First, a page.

· Leadership Skills: Essential for inspiring and leading cross-functional teams and managing the delicate friction between Tech and Product, as well as the T&P department and the broader company.
· Communication Skills: A successful CTPO must navigate and represent all departmental interests, communicating effectively with every member of the C-suite without bias.
· Strategic Vision: The ability to craft a vision based on inputs from peers, customer data, industry trends, and other available data, fostering a culture of data-driven decision-making.
· Experience: A robust background in companies committed to proper product development, regardless of organizational setup, preferably in fast-paced industries. While expertise in technology is valuable, the emphasis is now on a strong technical background being an asset rather than a prerequisite.
Finding and keeping a good CTPO is not without its challenges. Retention becomes more achievable if the company can make the role work, acknowledging the inevitable trade-offs. Balancing the skills needed and compensating with excellent VPs can contribute to a successful fit for the company.
In the startup arena, where resources are often stretched, the founder/CEO frequently takes on the CPO role, infusing their vision, energy, and passion into the product direction. Initially, the CTO plays a pivotal role in team scaling and technology decisions. As the tech department expands, the pivotal question emerges: Stick with a CTPO or opt for a CTO & CPO duo?
Two pivotal factors influence this decision — the calibre of the CTPO and the capabilities of the team under the CTPO, often referred to as VPs. Their ability to oversee software, infrastructure, data, and product areas, with CTPO support, and stepping into C-level roles if the CTPO departs, is paramount. This decision should be centred around the people in these roles, not just their titles.
The size of the senior management team plays a significant role in deciding whether the CEO can effectively manage a CTO, CPO, and potentially other C-level roles, or if a dedicated CTPO would be more beneficial.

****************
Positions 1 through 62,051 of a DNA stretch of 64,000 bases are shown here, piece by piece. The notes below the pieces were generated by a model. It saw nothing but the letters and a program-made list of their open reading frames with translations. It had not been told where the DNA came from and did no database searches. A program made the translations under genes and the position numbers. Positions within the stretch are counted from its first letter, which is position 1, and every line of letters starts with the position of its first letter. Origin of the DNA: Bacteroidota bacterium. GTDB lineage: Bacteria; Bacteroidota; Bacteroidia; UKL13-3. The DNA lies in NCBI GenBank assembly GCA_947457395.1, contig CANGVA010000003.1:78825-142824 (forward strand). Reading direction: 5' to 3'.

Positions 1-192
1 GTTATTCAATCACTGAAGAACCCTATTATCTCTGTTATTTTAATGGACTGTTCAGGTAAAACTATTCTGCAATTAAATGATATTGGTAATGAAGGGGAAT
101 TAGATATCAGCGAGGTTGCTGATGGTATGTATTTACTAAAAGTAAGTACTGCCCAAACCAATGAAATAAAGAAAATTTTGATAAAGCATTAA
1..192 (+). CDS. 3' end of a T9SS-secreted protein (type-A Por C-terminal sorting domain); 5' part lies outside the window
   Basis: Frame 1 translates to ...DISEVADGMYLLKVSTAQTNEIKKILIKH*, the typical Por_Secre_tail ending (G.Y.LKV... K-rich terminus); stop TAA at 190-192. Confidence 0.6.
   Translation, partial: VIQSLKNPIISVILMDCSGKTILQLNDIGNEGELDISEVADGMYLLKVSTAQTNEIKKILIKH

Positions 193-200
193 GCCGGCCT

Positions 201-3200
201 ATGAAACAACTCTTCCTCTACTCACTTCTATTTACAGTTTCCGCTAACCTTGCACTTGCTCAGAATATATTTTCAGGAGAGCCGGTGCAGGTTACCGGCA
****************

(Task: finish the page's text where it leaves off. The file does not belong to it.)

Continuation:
While the decision to hire a CTPO may potentially save costs, it’s not guaranteed. Nordin clarifies that a CTPO setup might require a more experienced layer of VPs, leading to a shift in costs rather than a reduction.
Despite the recent trend leaning towards the CTPO role— the right choice ultimately depends on the unique circumstances of each organization. While a CTPO can expedite decision-making and bridge the gap between Tech and Product, success necessitates seamless alignment with the rest of the C-suite.
“Don’t get caught up in rigid structures and titles. Hire the best talent you can find and build your organization around them. It’s about creating the right synergy, not pigeonholing individuals or feeling like you have to rigidly stick to established organisational structures.”
🚀 Join the Conversation:
Usually, companies separate the CMO (Chief Marketing Officer) role (simplified: customer acquisition) from CCO (Chief Customer Officer) (simplified: customer retention). But in many cases, these areas are difficult to separate in an online business. Is the topic of a combined role, the CMCO, just as valid as the CTPO one? What challenges have you encountered in structuring your leadership team? Share your experiences and insights in the comments below. #CTPO #Leadership #Tech-Leadership